Archive for the 'African Tribes/Cultures/Countries' Category

Object: Brass Weight

E/1957/26/19
Weight for measuring gold
Ashanti (or Asante)
Africa: Guinea Coast: Ghana
Ca. 15th-19th Century
Materials: Cast Brass

This African object is a weight made out of brass that was used for weighing gold dust. It is very small, only 1.5” long by 0.75” wide, and it was cast, or molded, to look like the body of a beetle.

The “Gold Coast,” located on the Gulf of Guinea in Africa, has long been known for the large quantities of gold found there. The Portuguese were the first Europeans to arrive in this area in the 1400’s, but they were soon followed by the British, Dutch and other European explorers. The British seized the area in 1867, forming the British colony known as the “Gold Coast.” Between the 15th and 19th century, gold dust served as the primary currency for the West African country of Ghana, particularly for the Ashanti (also known as the Asante) people. Most households had their own set of weights and scales so that they could conduct their own transactions. These interesting little weights were made in a variety of shapes and sizes including  geometric shapes, animals, plants, and even common household items such as a stool or a hammer.

These tiny weights were made in a really interesting way. They were first formed out of beeswax. This beeswax was then covered in clay, which was allowed to dry and harden. It was then placed into a fire, where the beeswax melted out, leaving a hollow form in the clay. Then, molten brass was poured into this clay mold, and, as it cooled and hardened, it took on the shape of the original beeswax form. The clay was then broken away so that the solid brass weight emerged completely finished. This method, known as the “lost-wax” method has been used for centuries in many cultures around the world. This particular beetle weight from the Ethnology Collection, however, was created using an unusual adaptation of this method. Instead of creating a shape out of beeswax and then covering it in clay, a real live beetle was covered in clay. Once the clay dried and hardened, the dead beetle was burned out of the mold, leaving an impression of the insect in the clay. It was then filled with molten brass and allowed to harden just like the lost-wax method.

Because everyone had a different set of weights, both parties always had to check the value of the gold dust with their own weights so they could be sure they were getting a fair deal. These weights therefore needed to be small and portable so they could be easily carried around. Anyone who found gold dust could keep it, but large nuggets, or pieces, had to be surrendered, or handed over, to the royal court. This gold was then exported to Europe and became the basis for British currency. It was not until 1957 that the Ashanti people finally regained their independence and formed the Republic of Ghana. It was around this same time that gold dust was replaced by the coins and paper money in use today.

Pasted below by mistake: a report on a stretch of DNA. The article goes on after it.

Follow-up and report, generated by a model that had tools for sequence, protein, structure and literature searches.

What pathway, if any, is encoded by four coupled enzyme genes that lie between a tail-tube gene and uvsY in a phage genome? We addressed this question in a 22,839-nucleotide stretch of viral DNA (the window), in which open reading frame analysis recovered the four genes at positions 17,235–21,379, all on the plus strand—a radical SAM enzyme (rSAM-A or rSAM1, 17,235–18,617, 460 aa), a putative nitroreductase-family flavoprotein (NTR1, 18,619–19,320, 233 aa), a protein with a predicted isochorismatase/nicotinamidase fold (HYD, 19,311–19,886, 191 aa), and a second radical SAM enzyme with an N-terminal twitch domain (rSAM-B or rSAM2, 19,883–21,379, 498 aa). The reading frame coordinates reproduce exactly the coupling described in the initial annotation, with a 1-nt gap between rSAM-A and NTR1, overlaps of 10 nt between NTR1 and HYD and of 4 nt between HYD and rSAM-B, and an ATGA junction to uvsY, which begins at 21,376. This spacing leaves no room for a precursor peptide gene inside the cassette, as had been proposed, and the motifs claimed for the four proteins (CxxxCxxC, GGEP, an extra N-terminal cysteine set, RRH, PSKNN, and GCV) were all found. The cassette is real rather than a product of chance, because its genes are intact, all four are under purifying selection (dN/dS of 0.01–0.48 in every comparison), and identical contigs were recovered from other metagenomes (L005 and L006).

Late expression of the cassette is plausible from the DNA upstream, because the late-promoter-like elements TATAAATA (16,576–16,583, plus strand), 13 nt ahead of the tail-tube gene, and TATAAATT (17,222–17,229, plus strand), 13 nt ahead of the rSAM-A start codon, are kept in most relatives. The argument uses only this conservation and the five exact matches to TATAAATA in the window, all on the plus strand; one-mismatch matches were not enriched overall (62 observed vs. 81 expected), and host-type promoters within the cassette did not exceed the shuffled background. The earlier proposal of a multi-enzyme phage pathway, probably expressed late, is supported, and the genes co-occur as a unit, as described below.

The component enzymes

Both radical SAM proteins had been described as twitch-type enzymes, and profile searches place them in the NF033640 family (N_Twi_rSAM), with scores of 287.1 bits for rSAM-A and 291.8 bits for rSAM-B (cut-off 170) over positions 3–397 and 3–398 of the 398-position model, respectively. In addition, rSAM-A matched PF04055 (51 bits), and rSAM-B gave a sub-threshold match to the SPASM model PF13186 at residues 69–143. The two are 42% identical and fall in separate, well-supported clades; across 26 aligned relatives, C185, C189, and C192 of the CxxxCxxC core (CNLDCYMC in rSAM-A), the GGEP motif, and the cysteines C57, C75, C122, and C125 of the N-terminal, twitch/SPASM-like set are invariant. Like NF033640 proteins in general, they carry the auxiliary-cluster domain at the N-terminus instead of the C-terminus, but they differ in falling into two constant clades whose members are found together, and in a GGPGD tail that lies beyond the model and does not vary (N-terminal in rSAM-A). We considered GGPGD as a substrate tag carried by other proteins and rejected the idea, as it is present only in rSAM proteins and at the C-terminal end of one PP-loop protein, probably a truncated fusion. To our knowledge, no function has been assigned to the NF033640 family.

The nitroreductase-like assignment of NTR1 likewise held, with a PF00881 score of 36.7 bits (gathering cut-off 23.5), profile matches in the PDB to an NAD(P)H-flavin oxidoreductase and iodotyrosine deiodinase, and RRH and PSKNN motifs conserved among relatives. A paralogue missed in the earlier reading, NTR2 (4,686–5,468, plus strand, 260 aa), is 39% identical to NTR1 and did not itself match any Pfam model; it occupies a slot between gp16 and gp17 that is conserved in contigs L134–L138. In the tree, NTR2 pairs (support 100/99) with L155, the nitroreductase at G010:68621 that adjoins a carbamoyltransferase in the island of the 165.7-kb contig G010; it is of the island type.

Take a look at this interesting video showing contemporary Asante artists working in the lost-wax casting method:

[Stephanie Lynn Allen]

Object: Faience Necklace

Figure 1    Egyptian Faience blue beaded necklace from the Ethnology Collection of the Sam Noble Oklahoma Museum of Natural History

Figure 1 Egyptian Faience blue beaded necklace from the Ethnology Collection of the Sam Noble Oklahoma Museum of Natural History

E/1958/25/15
Blue faience necklace
Africa: Egypt
Date: Modern
Materials: Faience (glass) beads on leather

This small blue beaded necklace is 12 inches long and comes from modern-day Egypt. The leather thong (or string) that holds the beads is tied together in one spot and can be adjusted to fit the person wearing it. The irregular shaped beads are made out of faience, a type of colored glass.

Faience (pronounced “fay-ahns”) has a long-standing history in many countries, especially Egypt. The ancient Egyptians used faience (known as tjehnet) beginning in 3500 BC to make beads, statues, amulets, bowls, and a variety of other objects. One theory is that faience was invented in Mesopotamia in 4000 BC and then brought to Egypt through trade.

Faience was originally developed by ancient Egyptians out of a desire to find a substitute for lapis lazuli, a highly valued dark blue stone. The royalty and nobles of ancient Egypt wanted to show how much power and wealth they had through the beautiful and expensive objects they put in their palaces, temples, and tombs. Lapis lazuli, however, was hard to come by. So, they developed faience, a much cheaper and easily manufactured material, as a substitute.

Faience, known as the “first high-tech ceramic” is made from finely ground quartz (or sand) mixed with lime, copper oxide, water, and a binder agent (such as gum arabic). When mixed together, these ingredients form a kind of paste that can then be put into a ceramic mold, dried, and fired in a kiln (or oven). Early on, it was discovered that adding different minerals (such as manganese) instead of copper oxide would result in different colors of faience including                                                           cobalt blue, purple, and yellow.